I was so smitten by this Yellow Mustang of indeterminate model year that I stopped to take photos of it in the rain. The car was parked on a street in Long Island City and even though it has a bit of tree detritus on the hood (from the rain) it still looks like a sweet ride.

I once had a boyfriend who drove a car that somewhat resembled this one, but that is a story that takes too long to talk about.

Yellow Mustang Rear View

Chris Burden’s Metropolis II at LACMA

LACMA Chris Burden Metropolis 2 Overhead View
Photo By Gail

While I was at the LA County Museum of Art this past December to see the Stanley Kubrick retrospective, I also enjoyed the experience of stumbling upon Chris Burden’s room-sized kinetic sculpture, Metropolis II – the focal points of which are 1,100 Hot Wheels cars.

Burden finished this scale cityscape, which took four years to build, in the Summer of 2011 and it was installed at LACMA that Fall. Although you can walk completely around Metropolis II from the floor of the exhibit room, you really need to climb the stairs to the catwalk-like balcony to see the action from above and fully appreciate what Burden was trying to convey. The frenetic movement of the tiny cars is hypnotizing.

In a statement at the exhibit’s opening, Burden expressed his hypothesis that, “The future of automobile transportation is that there won’t be drivers anymore.” The 1,100 customized Hot Wheels cars whirring through a city of building-block skyscrapers is a scale model of Burden’s vision for L.A.’s future: Cars that are swiftly autopiloted along pre-determined routes, moving ten times faster than they do today.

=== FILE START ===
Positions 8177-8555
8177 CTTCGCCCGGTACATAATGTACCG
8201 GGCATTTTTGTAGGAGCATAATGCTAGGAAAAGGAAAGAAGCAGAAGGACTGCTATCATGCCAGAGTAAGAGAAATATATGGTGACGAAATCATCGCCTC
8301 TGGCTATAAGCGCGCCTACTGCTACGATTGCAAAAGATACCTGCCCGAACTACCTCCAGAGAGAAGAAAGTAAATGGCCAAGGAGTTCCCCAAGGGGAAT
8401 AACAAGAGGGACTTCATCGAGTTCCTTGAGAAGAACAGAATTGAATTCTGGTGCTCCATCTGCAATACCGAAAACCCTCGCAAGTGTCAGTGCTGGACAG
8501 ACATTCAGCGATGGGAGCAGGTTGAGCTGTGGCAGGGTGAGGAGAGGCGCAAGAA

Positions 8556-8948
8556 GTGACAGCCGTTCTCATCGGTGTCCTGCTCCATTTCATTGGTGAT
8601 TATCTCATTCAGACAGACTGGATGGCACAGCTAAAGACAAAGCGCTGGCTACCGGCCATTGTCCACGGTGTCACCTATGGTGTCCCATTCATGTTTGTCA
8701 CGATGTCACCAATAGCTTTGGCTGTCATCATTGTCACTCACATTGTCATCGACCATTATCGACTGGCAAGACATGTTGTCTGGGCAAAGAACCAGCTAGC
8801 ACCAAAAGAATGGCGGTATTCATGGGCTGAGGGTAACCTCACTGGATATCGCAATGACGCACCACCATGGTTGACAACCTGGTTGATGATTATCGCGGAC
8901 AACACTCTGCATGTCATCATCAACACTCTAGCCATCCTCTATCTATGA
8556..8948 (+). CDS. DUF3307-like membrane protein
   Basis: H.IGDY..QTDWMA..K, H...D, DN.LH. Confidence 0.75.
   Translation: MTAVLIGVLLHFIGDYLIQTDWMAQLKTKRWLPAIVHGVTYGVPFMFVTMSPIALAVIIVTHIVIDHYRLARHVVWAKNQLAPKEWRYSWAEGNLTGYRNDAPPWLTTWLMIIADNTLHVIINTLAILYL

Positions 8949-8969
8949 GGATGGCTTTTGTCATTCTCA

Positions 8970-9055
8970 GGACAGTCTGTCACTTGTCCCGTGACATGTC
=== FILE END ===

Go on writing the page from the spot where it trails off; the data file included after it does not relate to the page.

The cars are dramatically lifted eight feet in the air by a magnetized conveyor belt, then dispatched through the city on a roller coaster network of plastic roadways. The buildings are constructed with Legos and Lincoln Logs, Erector Sets and stacking slotted cards. A dozen out-of-the-box electric trains chug casually through the sculpture.

Due to the physical strain on both the sculpture and the fact that it must be physically monitored at all times to watch for “pileups,” Metropolis II runs for only one hour at a time, with a one hour break between sessions, from Friday through Sunday. The viewing schedule is below and no reservations are required:

Fridays
11:30–12:30 PM; 1:30–2:30 PM; 3:30–4:30 PM; 5:30–6:30 PM

Saturdays & Sundays
10:30 am–11:30 PM; 12:30–1:30 PM; 2:30–3:30 PM; 4:30–5:30 PM